A dozen local college students are gaining experience in the chemical engineering and maintenance technician fields at BASF’s Wyandotte site.
The company’s college co-op and scholarship programs are offering the students from Wayne State University and Henry Ford College development opportunities in innovative technologies and modern production processes.
The Wayne State students attend school full time in the fall and winter terms, majoring in chemical engineering.
They work as contingent employees 15 to 20 hours a week, completing rotations at various units across the BASF site, while developing a knowledge base in chemical engineering. In summer, the students will work full time as contingent employees at BASF.
Nazir Jairazbhoy, a Wayne State senior, works in the Wyandotte resins plant. He said working at BASF has opened him up to the importance of safety standards and engineering troubleshooting.
“My experience here has reaffirmed what I want to do,” Jairazbhoy said. “I’m learning more skills that I need to develop before I graduate and finding out what I should add to my toolkit. I have learned a great deal from all of my knowledgeable mentors.”
The Henry Ford College students are enrolled in the Multi-Skilled Manufacturing Maintenance or Electrical Technology Associate’s degree programs.
They work full-time as contingent employees under the direction of BASF maintenance technicians to develop an industrial maintenance knowledge base.
Students who successfully complete a minimum of two classes per semester with a 3.0 grade point average are reimbursed by BASF for the cost of their tuition, text books and supplies.
Austin Bennie, a Henry Ford College electrical technology student, works as a technician in the Polyol plant. Knowing he always wanted to take a technical career path, the Wyandotte resident had already completed four automotive certifications by the time he graduated high school. This scholarship is helping him pursue an education he otherwise would be unable to afford.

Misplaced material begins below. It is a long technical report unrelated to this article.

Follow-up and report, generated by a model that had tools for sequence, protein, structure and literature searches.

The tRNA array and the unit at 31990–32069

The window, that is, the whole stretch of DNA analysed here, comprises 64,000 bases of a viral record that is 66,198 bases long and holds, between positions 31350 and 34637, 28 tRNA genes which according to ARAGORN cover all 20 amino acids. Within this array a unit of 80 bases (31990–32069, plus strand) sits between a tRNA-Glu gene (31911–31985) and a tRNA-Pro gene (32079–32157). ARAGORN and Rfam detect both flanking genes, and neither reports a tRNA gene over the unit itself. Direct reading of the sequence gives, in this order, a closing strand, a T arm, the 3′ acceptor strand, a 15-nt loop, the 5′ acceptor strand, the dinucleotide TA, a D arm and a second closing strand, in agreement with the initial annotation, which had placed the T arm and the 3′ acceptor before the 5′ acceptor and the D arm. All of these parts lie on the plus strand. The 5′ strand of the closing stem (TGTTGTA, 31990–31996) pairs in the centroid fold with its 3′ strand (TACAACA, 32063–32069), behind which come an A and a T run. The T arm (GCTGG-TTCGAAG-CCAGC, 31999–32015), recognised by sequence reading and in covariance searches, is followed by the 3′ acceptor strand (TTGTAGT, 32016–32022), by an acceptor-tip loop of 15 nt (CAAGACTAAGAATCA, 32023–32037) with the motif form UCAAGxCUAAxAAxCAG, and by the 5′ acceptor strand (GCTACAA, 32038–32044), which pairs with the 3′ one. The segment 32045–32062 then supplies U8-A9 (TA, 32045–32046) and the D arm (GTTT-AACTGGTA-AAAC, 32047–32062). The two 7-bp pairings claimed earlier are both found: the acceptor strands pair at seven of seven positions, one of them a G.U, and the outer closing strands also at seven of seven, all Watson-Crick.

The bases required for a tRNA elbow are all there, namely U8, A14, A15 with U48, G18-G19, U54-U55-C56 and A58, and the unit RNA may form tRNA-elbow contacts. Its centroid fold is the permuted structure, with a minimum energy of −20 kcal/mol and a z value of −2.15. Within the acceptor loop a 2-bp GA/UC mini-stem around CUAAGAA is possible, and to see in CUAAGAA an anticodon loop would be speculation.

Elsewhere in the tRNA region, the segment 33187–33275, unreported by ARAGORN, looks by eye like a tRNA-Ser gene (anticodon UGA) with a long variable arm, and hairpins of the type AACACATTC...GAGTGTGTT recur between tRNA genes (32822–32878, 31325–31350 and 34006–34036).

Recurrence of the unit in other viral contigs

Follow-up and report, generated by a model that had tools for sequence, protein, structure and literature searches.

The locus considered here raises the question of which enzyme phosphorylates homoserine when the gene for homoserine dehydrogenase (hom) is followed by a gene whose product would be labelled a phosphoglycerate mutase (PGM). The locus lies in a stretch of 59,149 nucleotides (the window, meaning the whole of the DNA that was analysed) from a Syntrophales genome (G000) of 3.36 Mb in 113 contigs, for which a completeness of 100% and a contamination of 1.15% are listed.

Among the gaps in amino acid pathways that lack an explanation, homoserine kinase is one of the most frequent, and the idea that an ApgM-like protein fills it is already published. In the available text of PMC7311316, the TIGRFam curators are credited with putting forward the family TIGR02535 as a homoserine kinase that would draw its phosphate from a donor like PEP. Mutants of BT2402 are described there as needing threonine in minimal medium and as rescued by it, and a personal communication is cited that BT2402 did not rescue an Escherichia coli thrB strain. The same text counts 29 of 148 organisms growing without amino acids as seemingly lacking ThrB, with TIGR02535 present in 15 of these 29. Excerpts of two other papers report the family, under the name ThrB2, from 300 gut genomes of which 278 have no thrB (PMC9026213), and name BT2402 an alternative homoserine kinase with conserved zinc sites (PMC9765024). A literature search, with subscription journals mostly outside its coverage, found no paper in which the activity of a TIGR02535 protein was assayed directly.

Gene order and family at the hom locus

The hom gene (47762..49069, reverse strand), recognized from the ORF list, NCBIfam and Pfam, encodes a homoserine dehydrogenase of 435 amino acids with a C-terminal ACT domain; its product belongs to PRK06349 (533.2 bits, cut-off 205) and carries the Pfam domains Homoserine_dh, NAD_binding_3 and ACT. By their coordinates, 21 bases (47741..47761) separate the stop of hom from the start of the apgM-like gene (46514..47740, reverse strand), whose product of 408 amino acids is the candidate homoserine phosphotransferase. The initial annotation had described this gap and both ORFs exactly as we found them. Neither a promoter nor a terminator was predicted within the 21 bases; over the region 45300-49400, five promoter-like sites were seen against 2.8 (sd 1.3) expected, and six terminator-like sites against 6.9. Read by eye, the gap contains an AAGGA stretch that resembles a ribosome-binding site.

“I really look at this scholarship and job as a stepping stone,” Bennie said. “I can apply this experience into a potential engineering or business role and build a very successful career. I will always be able to use these skills at a job.”
“At BASF, we are designing tomorrow’s world,” said Greg Pflum, vice president and general manager of BASF’s Midwest Hub. “Students can gain valuable experience, develop creative ideas, work with state-of-the-art technology and build a network of resources.”
The BASF site in Wyandotte is now accepting submissions for maintenance students through its scholarship program. They are also offering technician scholarships to candidates who attend Henry Ford College’s Process Technology-Basic certificate program.
Interested students should email their resumes to BASF-Wyandotte-ScholarshipProgram@basf.com.